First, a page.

Essence denotes the unity of being, its identity throughout change. Precisely what is this unity or identity? It is not a permanent and fixed substratum, but a process wherein everything copes with its inherent contradictions and unfolds itself as a result. Conceived in this way, identity contains its opposite, difference, and involves a self-differentiation and an ensuing unification. Every existence precipitates itself into negativity and remains what it is only by negating this negativity. It splits up into a diversity of states and relations to other things, which are originally foreign to it, but which become part of its proper self when they are brought under the working influence of its essence. Identity is thus the same as the ‘negative totality,’ which was shown to be the structure of reality; it is ‘the same as Essence.’
Thus conceived, the essence describes the actual process of reality. ‘The contemplation of everything that is shows, in itself, that in its self-identity it is self-contradictory and self-different, and in its variety or contradiction, self-identical; it is in itself this movement of transition of one of these determinations into the other, just because each in itself is its own opposite.’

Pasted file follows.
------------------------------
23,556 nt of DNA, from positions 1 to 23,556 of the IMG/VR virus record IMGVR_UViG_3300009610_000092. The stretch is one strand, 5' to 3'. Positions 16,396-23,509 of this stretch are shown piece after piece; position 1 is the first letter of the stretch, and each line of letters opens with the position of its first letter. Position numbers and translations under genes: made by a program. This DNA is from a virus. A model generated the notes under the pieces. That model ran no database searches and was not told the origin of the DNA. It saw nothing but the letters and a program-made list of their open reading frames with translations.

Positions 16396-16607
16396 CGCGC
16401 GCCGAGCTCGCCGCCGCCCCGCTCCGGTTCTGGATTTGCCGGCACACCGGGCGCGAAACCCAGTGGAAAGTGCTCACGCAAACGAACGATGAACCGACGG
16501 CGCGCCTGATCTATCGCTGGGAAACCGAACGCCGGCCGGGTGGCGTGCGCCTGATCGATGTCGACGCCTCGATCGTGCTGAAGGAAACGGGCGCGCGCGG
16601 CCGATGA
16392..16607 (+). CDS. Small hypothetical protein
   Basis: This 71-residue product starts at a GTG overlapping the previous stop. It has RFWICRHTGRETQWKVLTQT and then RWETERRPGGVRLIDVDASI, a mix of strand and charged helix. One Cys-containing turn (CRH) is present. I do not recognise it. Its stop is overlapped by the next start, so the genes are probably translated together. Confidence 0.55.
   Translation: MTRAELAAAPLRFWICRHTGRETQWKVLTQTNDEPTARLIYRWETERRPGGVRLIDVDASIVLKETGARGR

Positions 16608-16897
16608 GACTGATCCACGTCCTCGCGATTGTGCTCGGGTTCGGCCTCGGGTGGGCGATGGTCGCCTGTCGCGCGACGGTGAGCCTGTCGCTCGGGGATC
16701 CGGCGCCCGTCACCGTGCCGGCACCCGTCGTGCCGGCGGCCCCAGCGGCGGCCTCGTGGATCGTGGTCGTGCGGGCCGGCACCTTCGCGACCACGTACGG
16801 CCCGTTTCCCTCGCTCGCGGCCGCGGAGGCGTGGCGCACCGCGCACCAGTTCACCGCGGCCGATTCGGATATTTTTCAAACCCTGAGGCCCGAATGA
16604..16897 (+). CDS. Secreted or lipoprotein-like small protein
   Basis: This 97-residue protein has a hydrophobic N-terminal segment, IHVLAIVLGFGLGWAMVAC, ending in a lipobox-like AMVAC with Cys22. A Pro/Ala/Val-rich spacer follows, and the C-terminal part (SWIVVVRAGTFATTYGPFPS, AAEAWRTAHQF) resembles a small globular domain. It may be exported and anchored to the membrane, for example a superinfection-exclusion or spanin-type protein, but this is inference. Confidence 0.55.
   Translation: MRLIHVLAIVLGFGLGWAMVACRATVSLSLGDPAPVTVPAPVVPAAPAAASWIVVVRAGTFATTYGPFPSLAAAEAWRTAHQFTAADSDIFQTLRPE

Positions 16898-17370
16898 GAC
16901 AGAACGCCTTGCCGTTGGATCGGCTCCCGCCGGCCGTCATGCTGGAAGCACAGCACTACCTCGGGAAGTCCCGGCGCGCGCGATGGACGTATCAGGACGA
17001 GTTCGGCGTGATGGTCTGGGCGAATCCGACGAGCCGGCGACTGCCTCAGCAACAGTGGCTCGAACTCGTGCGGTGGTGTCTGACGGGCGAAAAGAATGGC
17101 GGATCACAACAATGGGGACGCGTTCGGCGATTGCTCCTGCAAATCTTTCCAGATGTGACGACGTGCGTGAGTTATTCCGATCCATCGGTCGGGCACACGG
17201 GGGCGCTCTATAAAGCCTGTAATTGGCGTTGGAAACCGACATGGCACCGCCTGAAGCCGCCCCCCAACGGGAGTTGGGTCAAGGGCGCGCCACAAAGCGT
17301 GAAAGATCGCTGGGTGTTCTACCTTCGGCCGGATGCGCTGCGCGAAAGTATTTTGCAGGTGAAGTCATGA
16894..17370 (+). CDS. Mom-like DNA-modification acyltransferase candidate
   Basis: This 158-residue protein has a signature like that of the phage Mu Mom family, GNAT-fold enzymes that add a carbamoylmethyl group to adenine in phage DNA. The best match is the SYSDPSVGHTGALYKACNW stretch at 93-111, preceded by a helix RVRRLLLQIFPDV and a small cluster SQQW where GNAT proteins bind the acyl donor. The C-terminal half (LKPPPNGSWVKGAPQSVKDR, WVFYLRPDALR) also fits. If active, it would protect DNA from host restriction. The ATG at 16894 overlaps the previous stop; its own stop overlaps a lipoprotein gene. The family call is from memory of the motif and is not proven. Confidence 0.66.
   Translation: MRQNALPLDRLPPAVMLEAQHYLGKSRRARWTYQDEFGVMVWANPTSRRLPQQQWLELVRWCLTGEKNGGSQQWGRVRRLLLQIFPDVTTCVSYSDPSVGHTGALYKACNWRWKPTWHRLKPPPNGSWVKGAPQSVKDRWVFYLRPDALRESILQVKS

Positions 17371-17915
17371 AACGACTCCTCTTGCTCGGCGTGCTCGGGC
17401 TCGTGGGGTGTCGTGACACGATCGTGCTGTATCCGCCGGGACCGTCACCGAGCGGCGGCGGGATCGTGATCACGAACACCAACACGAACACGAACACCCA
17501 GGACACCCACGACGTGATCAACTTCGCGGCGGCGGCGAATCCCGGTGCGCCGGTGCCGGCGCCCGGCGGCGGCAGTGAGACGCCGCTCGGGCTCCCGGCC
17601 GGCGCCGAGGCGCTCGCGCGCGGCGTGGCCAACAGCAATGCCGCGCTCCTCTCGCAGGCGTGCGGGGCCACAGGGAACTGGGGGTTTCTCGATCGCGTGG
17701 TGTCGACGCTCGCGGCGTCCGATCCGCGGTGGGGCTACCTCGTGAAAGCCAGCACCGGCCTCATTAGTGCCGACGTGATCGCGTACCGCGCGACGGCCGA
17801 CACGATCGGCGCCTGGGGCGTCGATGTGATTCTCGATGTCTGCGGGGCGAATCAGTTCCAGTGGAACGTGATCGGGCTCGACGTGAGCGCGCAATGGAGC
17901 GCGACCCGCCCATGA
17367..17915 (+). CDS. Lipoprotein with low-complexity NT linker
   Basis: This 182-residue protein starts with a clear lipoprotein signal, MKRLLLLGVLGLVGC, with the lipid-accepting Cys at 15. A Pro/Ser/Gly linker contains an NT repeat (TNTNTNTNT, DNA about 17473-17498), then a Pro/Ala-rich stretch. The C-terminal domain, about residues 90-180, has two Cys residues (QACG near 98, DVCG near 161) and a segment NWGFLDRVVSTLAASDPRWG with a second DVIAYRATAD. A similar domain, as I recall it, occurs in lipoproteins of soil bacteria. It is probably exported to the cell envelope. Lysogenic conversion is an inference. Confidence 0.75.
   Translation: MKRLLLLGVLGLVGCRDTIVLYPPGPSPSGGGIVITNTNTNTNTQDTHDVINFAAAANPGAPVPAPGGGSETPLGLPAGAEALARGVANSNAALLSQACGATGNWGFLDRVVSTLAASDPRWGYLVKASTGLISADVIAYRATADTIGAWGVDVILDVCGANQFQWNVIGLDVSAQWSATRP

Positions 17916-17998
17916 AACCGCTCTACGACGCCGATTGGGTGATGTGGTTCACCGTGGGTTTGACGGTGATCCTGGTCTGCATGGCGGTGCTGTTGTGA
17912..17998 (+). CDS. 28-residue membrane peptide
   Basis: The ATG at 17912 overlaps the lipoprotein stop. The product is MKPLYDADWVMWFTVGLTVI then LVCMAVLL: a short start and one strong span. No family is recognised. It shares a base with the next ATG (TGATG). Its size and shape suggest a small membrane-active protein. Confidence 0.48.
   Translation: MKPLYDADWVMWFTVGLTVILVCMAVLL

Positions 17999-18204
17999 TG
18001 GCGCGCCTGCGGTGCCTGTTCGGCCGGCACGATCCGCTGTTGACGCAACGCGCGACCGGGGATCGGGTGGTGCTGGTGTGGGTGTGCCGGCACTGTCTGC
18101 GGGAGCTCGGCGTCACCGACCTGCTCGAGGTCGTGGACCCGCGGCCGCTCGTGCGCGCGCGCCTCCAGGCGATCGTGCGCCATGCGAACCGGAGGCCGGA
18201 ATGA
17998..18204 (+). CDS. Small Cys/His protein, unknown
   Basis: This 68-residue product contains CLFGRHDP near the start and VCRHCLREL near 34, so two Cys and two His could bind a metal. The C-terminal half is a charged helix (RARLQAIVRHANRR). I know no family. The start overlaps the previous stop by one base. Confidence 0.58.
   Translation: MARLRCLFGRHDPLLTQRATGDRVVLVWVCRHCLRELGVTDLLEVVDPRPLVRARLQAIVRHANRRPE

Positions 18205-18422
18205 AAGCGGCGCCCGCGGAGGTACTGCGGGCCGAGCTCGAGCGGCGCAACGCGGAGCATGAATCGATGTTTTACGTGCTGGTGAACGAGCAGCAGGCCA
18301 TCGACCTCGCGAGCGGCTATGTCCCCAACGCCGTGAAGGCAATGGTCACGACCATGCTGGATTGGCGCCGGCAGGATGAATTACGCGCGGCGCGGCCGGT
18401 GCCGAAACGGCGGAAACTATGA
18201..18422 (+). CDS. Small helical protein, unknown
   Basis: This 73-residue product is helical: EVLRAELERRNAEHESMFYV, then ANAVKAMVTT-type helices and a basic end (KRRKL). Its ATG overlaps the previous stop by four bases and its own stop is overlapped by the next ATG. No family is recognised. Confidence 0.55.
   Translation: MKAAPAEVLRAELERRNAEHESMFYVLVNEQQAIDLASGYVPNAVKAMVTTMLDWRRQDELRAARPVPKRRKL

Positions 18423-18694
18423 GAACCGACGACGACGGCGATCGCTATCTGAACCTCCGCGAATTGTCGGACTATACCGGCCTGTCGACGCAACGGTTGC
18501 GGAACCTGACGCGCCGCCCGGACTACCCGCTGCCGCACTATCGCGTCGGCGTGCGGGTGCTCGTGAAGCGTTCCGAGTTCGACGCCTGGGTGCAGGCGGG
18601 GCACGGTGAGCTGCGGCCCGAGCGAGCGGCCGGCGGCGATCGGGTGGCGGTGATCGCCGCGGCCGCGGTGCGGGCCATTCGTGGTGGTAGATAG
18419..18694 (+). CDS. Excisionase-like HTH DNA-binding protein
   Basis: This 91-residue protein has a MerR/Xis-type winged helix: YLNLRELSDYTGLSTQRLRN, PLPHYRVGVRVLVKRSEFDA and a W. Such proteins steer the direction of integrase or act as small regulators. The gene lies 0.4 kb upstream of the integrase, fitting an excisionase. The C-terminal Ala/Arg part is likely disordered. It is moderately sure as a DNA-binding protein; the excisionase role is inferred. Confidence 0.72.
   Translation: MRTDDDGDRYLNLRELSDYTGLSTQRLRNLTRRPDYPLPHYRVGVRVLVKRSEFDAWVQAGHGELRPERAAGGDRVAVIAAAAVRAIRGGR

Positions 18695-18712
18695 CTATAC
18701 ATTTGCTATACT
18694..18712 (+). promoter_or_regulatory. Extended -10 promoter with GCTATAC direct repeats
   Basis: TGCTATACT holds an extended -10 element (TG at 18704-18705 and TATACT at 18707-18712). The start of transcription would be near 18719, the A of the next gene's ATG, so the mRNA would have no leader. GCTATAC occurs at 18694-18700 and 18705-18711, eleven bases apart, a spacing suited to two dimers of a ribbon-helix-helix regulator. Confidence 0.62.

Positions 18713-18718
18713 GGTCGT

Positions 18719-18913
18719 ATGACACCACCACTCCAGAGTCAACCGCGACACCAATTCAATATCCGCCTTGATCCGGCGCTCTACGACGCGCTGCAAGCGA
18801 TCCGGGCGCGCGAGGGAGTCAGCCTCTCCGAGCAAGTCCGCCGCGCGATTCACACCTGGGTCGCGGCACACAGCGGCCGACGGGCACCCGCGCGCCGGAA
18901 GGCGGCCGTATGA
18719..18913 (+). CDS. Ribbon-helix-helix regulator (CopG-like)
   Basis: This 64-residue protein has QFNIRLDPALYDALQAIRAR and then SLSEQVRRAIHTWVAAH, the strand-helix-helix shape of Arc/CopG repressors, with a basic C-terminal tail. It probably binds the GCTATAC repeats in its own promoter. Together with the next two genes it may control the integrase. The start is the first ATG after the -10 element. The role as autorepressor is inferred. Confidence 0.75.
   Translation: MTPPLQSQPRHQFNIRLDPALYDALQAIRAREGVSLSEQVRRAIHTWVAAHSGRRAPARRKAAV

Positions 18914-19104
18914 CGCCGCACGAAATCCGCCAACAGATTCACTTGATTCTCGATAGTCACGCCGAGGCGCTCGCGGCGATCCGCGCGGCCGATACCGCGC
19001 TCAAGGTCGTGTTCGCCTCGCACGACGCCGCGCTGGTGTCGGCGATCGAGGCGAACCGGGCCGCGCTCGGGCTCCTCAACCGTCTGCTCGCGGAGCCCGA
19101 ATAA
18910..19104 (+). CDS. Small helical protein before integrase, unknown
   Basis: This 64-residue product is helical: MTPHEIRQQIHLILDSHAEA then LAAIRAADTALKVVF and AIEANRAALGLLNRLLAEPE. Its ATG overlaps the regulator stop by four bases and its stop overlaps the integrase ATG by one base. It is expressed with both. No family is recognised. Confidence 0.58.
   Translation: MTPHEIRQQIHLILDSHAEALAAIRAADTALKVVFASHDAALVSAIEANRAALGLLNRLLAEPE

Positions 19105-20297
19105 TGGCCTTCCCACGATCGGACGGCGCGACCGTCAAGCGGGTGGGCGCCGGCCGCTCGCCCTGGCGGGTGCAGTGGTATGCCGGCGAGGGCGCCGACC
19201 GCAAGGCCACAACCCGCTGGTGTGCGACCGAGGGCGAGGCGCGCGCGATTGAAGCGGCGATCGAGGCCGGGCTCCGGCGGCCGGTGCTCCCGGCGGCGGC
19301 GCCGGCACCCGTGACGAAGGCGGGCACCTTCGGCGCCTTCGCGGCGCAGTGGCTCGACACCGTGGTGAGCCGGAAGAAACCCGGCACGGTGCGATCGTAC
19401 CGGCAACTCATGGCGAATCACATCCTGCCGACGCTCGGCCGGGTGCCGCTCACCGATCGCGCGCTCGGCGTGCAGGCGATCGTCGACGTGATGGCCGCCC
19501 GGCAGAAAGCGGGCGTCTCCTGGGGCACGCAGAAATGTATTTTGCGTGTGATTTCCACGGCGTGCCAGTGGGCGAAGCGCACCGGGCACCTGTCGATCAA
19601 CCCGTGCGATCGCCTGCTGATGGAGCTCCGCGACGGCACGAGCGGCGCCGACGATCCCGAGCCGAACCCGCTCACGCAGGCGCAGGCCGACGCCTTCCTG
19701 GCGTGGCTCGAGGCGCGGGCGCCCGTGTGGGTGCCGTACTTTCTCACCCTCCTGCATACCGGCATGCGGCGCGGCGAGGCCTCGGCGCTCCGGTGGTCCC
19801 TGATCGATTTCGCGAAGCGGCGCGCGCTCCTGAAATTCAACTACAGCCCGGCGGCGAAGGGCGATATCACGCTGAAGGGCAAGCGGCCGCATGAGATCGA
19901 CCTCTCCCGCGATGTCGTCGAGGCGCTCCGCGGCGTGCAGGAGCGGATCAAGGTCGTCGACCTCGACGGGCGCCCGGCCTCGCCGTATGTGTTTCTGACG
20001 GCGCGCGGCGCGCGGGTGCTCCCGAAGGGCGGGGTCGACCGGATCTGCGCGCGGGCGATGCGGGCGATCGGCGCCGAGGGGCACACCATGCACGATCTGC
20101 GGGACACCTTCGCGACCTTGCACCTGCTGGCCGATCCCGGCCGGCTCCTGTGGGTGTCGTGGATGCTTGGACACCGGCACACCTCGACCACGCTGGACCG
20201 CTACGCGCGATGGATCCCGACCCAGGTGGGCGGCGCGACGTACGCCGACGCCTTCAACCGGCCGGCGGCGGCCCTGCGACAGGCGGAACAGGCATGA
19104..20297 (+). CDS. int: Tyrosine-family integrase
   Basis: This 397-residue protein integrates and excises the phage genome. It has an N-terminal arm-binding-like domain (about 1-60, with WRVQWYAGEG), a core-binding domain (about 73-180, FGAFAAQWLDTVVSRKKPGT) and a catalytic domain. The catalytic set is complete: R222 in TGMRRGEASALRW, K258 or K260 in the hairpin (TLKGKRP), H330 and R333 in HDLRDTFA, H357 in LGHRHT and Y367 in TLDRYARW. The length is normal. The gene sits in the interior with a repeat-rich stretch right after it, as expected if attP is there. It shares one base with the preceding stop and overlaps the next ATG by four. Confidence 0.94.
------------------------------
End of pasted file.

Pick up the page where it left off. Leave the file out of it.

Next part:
Hegel’s position involves complete reversal of the traditional laws of thought and of the kind of thinking derived from them. We cannot express this identity of things in a proposition that distinguishes a permanent substratum and its attributes from its opposite or contrary. The variety and the opposites are for Hegel part of the thing’s essential identity, and, to grasp the identity, thought has to reconstruct the process by which the thing becomes its own opposite and then negates and incorporates its opposite into its own being.